"Debate" as Circus
Such an approach would be untenable now since there are too many candidates to allow for it; however, it could be pulled-off in groups of two or three and certainly should be the protocol for the actual “debates” once the field is winnowed down to two or three. This should also be the approach taken for the campaigns next year leading up to the election once the parties choose their respective candidates. Watching a two- or three-hour session between Obama and Gingrich or Romney could be enlightening rather than being bored to tears by an argumentative gaggle of moderators managing bells, whistles and lights and playing the gotcha game, with the candidates acting like schoolchildren.
Such sessions could be devoted to specific topics or, since one area of government impacts every other area, comprehensive discussions over an adequate period of time. I’ve watched little of the debates but enough to recognize that the self-appointed “stars” of the shows are the moderators, who seem far more interested in arguing their views rather than listening to those of the “debaters.” Their questions are longer than the answers – or at least seem that way – leaving the impression that they figure neither the candidate nor the public is up to speed and has to be educated before an answer can be understood. The networks, both traditional and cable, have their own agendas and seem anxious to advance them.
The media types classify themselves as journalists but often they are entertainers as well, such as when they do their “shows” on radio or TV. Scott Pelley of CBS, for instance, does “straight news” but probably considers himself more of a commentator. In the early days of the nightly news programs – the days of Huntley/Brinkley, for instance – fifteen minutes was all that was needed to report the world news of the day. Later, the time was increased to a half-hour (about 22 minutes of actual news), with longer programs such as CBS’s Sixty Minutes devoted to more comprehensive treatments of news events. In every case, the bias of the media entity could be engaged in an attempt to make the public think one way or another.
But the mother-lode of entertainment resides in the “debates.” News-people can take excerpts from these acts and use them in their supposed news programs. In this way, they can ridicule the candidates, taking nearly everything out of context if, indeed, there ever actually is a context. For instance, Rick Perry was ridiculed on one of the democrat-oriented networks the other day for noting the voting age as twenty-one, counter to Amendment XXVI of 1971. It was a simple mistake – the age had been 21 for scores of years until changed to 18 – but the gaffe was too good to let go. The same was true when he failed to remember one of the three cabinet departments he would eliminate if elected.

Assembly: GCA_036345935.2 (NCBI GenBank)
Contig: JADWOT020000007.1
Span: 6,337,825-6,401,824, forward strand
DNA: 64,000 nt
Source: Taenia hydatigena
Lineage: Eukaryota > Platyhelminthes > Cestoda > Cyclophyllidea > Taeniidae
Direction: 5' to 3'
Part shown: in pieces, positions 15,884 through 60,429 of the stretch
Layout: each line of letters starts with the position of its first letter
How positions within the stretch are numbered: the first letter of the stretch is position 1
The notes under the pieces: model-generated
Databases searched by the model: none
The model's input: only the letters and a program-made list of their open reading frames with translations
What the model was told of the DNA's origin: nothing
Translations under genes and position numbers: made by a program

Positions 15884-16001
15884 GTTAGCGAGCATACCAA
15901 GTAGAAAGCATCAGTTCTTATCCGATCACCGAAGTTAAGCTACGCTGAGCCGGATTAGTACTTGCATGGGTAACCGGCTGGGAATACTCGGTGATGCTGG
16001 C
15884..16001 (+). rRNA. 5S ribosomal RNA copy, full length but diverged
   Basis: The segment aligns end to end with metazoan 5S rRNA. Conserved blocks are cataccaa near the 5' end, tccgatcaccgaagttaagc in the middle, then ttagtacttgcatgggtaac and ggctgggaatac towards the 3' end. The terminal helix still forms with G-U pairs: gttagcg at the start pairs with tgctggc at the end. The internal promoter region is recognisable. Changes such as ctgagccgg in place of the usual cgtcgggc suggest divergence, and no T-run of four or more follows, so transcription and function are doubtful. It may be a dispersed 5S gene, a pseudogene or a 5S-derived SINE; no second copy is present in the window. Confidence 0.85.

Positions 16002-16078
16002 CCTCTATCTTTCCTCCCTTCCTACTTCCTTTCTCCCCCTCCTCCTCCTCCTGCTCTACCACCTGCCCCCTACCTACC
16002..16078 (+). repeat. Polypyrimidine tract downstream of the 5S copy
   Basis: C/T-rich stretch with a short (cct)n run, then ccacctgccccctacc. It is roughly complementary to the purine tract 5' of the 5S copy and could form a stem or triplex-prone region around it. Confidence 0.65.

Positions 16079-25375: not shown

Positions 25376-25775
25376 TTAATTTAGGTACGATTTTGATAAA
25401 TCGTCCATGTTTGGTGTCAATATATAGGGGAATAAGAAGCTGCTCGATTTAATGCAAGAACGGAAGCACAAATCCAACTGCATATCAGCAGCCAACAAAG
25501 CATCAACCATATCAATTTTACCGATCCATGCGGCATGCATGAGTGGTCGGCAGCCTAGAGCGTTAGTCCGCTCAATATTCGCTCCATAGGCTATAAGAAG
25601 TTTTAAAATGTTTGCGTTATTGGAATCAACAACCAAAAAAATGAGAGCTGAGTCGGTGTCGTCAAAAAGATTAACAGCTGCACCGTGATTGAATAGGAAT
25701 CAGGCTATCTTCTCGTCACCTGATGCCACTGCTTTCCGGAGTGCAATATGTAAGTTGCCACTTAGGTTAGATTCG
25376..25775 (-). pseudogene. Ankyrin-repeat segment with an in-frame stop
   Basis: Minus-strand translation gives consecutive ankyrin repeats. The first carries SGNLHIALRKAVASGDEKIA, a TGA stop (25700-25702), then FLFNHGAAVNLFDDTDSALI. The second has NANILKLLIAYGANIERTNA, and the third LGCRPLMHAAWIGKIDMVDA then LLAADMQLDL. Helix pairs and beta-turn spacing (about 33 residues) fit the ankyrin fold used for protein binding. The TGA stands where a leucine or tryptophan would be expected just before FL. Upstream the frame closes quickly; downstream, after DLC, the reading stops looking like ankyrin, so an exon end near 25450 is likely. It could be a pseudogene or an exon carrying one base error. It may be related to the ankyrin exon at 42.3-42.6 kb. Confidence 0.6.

President Obama once indicated that there are 57 states in the Union. Perry would have done well to mention that. The president also referred to a military medical corpsman as a “corpse-man,” but Perry didn’t mention that. Brian Williams asked Perry about his sleep habits, implying that the governor surely could not sleep peacefully at night in light of the executions that take place in Texas prisons. Perry could have harpooned him for such a stupid and arrogant exhibition of sophomoric banality, but he didn’t. Herman Cain was ridiculed unmercifully for seeming not to know about Libya and the seven-month slaughter that Obama introduced to that benighted nation without so much as a fare-thee-well from the Congress.
The festive atmosphere attending the “debates” also makes them little more than circuses, with the attendees booing or applauding as the spirit moved them. These confrontations should never take place in front of an audience, since the principals could be expected to do more posturing for the cameras and mikes than disseminating information. In fact, they would be better done via radio, when complete attention could be given to what they say and not how they comport themselves before the cameras. One has only to remember that famous Nixon/Kennedy debate of 1960 to know this.
The stakes are too high to allow the frivolousness that accompanies the “debates.” Nor are the “debates” fair since the moderators give time to the candidates not on an equity basis but on their whims, those of the moderators, that is. Depending upon whom they want to ridicule the most or whom they want to help the most, they can configure these clambakes any way they please. By their willingness to be a part of these mismanaged affairs, the candidates become willing tools of people more interested in whatever turns them on than on speaking to the public good.
As the field is winnowed, the candidates left standing should insist to the networks that they intend to configure the “debates” in such a way that actual debating will take place, first among themselves, then with respect to the general election. To do otherwise is to allow themselves to be duped by the well-rehearsed moderator smoothies, who have complete control of what happens, the “stars,” in other words, and the establishments they represent. If the networks don’t like it, they can lump it, but that’s not likely to happen. The commercials are too important for that. Additionally, the “debates,” in the proper configuration, should be conducted only on the public television stations, with moderators (and commercials) a thing of the past as the candidates take over the management involving very high stakes.
And so it goes.